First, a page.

Americans with disabilities were more satisfied than ever with their voting experiences during the 2020 elections as a raft of changes meant to make elections safer during the COVID-19 pandemic made casting ballots easier for a population that has struggled for decades to easily access polling sites.
But a wave of voting restrictions that Republicans have proposed or already passed across the country is threatening to not just halt that progress but significantly reverse it.
Some of these proposals specifically targeted people with disabilities. Texas’ SB 7, a sweeping package of voting restrictions that the state Senate passed in April, initially would have required people to prove that they have a disability to vote by mail. A similar bill that passed the Texas House in early May didn’t go quite as far but, like the Senate legislation, originally sought to place new restrictions on people who assist voters who have disabilities before certain provisions were amended or removed from the bill at the last moment.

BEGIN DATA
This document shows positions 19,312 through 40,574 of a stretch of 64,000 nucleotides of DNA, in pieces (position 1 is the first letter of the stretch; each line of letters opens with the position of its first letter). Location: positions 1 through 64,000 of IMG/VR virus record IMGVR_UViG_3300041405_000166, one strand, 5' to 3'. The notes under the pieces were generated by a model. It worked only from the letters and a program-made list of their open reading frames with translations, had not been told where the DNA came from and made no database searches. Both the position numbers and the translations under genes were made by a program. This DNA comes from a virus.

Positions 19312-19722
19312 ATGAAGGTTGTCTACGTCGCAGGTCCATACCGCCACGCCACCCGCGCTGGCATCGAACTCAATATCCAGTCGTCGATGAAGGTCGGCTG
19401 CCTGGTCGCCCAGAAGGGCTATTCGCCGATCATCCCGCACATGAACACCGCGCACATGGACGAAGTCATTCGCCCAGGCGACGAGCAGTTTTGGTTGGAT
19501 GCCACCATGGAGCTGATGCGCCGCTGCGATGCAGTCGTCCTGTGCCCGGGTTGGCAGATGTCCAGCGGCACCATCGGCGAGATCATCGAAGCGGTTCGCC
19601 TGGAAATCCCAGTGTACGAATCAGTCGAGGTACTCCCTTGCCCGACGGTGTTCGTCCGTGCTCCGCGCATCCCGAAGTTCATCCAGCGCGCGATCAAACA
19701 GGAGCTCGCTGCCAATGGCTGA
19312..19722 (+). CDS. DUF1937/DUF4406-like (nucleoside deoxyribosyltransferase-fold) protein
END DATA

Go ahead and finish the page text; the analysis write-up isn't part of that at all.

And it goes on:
But virtually all of the new voting restrictions, including the laws Georgia and Florida Republicans have enacted, will likely reduce people with disabilities’ access to the ballot, advocates say, because any voting restriction tends to have a disproportionate effect on voters with disabilities.
“A lot of the more restrictive laws that we see proposed don’t directly mention people with disabilities,” said Michelle Bishop, who works on voting and election access policy at the National Disability Rights Network in Washington. “But whether or not people with disabilities are being targeted, they are living with the consequences.”